Study: Azithromycin helps reduce risk of lung damage in children with cystic fibrosis and Pseudomonas infection

Researchers are reporting that combining the antibiotic azithromycin with a widely-used antibiotic treatment used for cystic fibrosis (CF) helps reduce the risk of lung damage in children with Pseudomonas aeruginosa, one of the most common infections in children with CF.  In the randomized trial involving more than 200 children ages 6 months to 18 years with cystic fibrosis and Pseudomonas infection, the risk of respiratory complications was reduced by 44 percent in the children receiving azithromycin combined with tobramycin inhalation solution (TIS) when compared to the placebo group taking TIS alone.

"Azithromycin was associated with a significant reduction in risk of pulmonary exacerbation and sustained improvement in weight but had no impact on microbiologic outcomes in children with early Pa [Pseudomonas aeruginosa]," the authors noted in the research paper.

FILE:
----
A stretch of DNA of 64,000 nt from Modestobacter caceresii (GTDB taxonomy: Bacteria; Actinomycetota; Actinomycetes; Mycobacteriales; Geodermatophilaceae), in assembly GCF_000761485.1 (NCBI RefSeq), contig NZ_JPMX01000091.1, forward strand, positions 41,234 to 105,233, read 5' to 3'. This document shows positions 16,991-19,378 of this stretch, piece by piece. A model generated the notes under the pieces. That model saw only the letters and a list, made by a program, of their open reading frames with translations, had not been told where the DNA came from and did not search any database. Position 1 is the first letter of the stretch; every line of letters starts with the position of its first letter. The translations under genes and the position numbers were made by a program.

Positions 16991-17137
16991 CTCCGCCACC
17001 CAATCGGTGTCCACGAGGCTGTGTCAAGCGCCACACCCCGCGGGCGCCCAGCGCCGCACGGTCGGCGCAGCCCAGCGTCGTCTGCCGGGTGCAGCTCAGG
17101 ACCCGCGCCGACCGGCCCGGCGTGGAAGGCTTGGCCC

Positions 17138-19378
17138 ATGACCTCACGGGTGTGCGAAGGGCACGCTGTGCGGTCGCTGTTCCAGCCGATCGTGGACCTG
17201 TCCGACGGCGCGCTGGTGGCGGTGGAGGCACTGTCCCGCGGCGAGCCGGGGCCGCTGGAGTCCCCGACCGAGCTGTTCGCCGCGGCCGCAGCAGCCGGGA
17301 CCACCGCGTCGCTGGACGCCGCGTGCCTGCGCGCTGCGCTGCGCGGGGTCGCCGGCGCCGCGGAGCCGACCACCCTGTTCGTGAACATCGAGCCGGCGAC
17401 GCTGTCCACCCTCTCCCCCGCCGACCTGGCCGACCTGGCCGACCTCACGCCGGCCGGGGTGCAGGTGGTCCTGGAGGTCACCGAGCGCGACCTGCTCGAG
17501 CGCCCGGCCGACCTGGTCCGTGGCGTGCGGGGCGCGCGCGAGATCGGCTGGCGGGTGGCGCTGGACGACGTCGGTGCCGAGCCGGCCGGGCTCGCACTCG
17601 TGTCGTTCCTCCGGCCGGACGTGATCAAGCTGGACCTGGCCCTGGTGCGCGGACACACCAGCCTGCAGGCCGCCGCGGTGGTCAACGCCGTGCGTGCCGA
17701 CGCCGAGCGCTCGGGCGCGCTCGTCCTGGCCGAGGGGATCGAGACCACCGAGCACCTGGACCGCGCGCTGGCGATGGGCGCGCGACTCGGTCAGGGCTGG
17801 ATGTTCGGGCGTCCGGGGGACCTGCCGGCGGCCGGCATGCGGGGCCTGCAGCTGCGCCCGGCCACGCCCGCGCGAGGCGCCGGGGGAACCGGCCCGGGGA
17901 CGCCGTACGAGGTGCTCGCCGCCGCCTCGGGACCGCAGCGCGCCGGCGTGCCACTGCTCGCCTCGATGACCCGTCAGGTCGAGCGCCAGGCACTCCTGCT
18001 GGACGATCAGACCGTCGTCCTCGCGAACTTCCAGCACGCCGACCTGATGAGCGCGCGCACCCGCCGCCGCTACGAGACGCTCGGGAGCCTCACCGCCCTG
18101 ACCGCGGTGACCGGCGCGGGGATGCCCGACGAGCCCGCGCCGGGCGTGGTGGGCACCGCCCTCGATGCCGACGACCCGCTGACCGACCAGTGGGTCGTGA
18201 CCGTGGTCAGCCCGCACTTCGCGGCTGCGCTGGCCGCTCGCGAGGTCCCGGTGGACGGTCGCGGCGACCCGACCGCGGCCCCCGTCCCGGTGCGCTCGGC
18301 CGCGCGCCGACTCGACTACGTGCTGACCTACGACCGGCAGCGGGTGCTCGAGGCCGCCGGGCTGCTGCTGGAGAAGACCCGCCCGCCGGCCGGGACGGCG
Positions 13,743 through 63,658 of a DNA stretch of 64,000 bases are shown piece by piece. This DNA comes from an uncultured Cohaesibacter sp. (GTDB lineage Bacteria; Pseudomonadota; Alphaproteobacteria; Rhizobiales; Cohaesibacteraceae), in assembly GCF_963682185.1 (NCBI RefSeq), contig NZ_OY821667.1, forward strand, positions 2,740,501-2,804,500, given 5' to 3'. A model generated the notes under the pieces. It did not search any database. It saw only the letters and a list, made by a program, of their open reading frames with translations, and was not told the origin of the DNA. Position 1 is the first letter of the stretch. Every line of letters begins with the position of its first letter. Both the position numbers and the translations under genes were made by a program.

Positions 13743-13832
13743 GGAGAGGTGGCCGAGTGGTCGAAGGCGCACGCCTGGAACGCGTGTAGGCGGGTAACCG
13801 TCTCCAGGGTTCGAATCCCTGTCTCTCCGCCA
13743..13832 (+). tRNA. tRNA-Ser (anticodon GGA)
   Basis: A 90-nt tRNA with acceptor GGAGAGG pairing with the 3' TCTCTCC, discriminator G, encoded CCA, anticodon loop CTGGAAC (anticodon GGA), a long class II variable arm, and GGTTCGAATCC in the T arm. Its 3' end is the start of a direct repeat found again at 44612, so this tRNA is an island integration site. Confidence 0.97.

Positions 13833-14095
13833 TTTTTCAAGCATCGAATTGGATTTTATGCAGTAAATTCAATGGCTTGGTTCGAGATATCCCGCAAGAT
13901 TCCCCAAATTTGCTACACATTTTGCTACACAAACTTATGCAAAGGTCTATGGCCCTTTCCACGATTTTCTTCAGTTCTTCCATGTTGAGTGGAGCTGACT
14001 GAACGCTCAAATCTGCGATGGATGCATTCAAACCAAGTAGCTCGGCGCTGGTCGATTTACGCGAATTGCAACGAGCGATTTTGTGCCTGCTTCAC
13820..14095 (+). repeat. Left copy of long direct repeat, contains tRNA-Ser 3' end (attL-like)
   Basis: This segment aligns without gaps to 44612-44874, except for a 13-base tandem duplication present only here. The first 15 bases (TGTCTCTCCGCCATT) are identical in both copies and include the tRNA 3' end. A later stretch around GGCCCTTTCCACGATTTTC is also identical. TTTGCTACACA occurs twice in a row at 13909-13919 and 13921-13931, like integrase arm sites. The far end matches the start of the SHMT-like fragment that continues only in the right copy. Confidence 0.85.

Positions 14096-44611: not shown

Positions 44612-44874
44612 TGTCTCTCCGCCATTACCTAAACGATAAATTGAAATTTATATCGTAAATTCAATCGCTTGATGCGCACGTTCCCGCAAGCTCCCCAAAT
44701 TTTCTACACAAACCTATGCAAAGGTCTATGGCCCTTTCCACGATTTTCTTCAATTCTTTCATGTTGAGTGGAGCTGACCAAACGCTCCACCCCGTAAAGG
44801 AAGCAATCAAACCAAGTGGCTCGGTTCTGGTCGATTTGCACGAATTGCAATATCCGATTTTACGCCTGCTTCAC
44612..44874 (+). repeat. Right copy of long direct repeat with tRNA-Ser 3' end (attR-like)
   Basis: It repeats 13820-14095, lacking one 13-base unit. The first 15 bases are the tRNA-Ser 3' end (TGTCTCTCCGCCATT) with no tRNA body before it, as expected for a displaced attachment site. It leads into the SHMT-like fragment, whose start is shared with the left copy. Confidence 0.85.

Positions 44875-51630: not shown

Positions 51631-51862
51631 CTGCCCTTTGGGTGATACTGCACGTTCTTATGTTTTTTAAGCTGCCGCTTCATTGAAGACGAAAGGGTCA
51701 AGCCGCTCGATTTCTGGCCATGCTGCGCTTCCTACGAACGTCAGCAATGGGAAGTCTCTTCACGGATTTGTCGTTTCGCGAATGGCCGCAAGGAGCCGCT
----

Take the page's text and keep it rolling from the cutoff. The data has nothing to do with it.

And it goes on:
Researchers stopped the trial early due to demonstration of the efficacy of the combined antibiotic treatment. The trial is called OPTIMIZE, which stands for “OPTIMIZing Treatment for Early Pseudomonas Aeruginosa Infection in Cystic Fibrosis.” The study, partly funded by NHLBI, appeared in the American Journal of Respiratory and Critical Care Medicine.